During your trip, you visited many places linked with the exploration and development of the Russian Arctic. What is the current state of Arctic exploration memorials?
In 2015, we visited Cape Chelyuskin, only to find that a cairn, a stone pyramid, built by Roald Amundsen in honor of Nordenskjöld's voyage, had been wrecked. A column honoring Russian explorer Semyon Chelyuskin with a cast-iron plaque saying "This Cape was discovered by…" is also nowhere to be seen. A wartime cannon is still there… We should not blame anyone for this damage. The thing is that fast shore ice no longer accumulates along the local coast, and this leads to perfect "Arctic storms" when the wind drives ice-floes ashore, and the ice pulverizes everything.
Of course, we have to restore the monuments because otherwise there would be nothing left. There are many enthusiasts, including young people, who should go there when the time is right, and we must help them and tell them exactly what to do. We have numerous photos. Three local border guards have built a stone mound in place of the wrecked cairn, but of course, it is a far cry from that stone pyramid which needs to be restored.
Once upon a time, there lived a real enthusiast, a hydrologist named Vladlen Troitsky who ranked among the best amateur historians ever. He found a place where a cairn honoring the 1900 expedition of Baron Eduard Toll aboard the ship Zarya once stood. In the 1970s, Mr. Troitsky used photos to locate that place and restored the stone pyramid which is standing to this day. As I see it, we need to look after all these monuments that have been catalogued and photographed many times. And now we are losing them.
This year, we visited Middendorf Cave while rounding Taimyr. The local landscape is very beautiful, and that cave really impressed us. In 1842, explorer Alexander Middendorf fell ill during an expedition, and his companions left him inside the cave, promising to return. He spent a month there with scarce food supplies and survived. They picked him up, and the story had a happy ending. All history books refer to this cave as a place where this famous Arctic explorer had a very harrowing experience. He had virtually no chances of surviving, but somehow he did cling to life. He displayed remarkable stamina. Last year, enthusiasts from Krasnoyarsk brought a granite slab with Middendorf's image and short biography here.
Enthusiasts have built a wonderful museum in Dudinka. The three-storey building has great interiors, heating and air conditioning, and security systems good enough to display exhibits even from the Tretyakov Gallery or any other famous museums. The Dudinka museum has a rather interesting and modern collection but virtually lacks any truly historical artifacts, like those at the Arctic and Antarctic Museum. They are happy to display any authentic document. We provided them with sleds and clothing that we sewed for our first independent skiing expeditions of the 1980s. Mr. and Mrs. Lubnin, two retired geologists, established another museum in Dikson, north of Dudinka. After retiring, they did not want to return to mainland Russia and conducted their amateur archeological expeditions around Dikson each spring, when the snow melted in the tundra, for the rest of their lives. This professional husband-and-wife team combed the Great Northern Expedition's winter camps and found many interesting artifacts. Later, they established a museum on the main floor of a local building that was allotted them. They conducted research and measured various parameters the way scientists do. After they passed away, all these exhibits vanished into thin air. Their artifacts included some items from the Nordenskjöld Islands archipelago and fragments of Vladimir Rusanov's ship Hercules from Popov-Chukhchin Island. No one was able to tell us where all this disappeared. This is rather vexing because this attitude will cause us to lose all available artifacts and other relics.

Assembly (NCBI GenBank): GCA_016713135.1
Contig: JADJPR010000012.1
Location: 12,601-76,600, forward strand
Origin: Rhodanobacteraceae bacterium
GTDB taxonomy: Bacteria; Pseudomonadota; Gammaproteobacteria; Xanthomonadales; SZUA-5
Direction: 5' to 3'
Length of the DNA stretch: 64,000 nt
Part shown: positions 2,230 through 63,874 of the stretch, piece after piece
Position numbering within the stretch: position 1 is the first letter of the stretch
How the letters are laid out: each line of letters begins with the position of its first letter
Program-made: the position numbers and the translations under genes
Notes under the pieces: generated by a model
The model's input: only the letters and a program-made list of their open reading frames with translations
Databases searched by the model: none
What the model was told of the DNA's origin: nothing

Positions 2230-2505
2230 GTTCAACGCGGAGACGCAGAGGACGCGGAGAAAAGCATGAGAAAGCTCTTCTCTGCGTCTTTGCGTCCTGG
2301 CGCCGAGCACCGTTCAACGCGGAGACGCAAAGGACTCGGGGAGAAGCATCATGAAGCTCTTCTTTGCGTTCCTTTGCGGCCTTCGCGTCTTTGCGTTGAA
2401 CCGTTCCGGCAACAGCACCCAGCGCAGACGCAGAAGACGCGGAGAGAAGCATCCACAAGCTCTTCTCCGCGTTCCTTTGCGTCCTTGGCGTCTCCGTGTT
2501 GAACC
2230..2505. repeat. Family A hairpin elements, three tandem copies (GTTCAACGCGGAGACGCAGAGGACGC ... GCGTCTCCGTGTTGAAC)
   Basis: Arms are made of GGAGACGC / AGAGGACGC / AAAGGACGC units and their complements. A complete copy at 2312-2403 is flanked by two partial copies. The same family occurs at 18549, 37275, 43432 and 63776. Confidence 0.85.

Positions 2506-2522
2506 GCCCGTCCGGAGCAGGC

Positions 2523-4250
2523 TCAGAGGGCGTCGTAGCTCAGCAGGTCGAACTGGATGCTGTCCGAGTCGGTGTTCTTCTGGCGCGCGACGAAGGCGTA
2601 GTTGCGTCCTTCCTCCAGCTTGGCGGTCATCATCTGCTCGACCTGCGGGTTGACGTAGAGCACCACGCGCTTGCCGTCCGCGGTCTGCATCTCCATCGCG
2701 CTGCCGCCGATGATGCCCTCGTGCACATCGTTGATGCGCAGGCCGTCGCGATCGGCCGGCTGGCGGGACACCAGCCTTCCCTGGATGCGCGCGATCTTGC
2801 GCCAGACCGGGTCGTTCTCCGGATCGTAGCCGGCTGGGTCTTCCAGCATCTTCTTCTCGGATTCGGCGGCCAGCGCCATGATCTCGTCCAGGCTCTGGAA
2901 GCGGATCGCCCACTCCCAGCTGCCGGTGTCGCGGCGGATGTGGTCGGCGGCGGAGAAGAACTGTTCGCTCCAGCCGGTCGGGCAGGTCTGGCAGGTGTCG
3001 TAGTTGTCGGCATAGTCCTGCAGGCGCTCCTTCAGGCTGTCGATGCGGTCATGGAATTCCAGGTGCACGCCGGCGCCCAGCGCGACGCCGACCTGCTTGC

Members of your expedition also monitored the Arctic coast's environment. Could you say a few words about its current state?
Instead of monitoring various parameters, we simply looked around and recorded our findings. Everything is good in pristine areas where no one lives. Even some remaining structures do not damage the environment in any way. Of course, all this is ugly looking, especially when the snow melts.
For their part, oil workers have been instructed to clean up after themselves. When a winter camp shuts down, several trucks drive along a muddy road, and workers collect cable fragments, tires and all other trash. This land reclamation effort, which does not accomplish everything, does yield some practical results.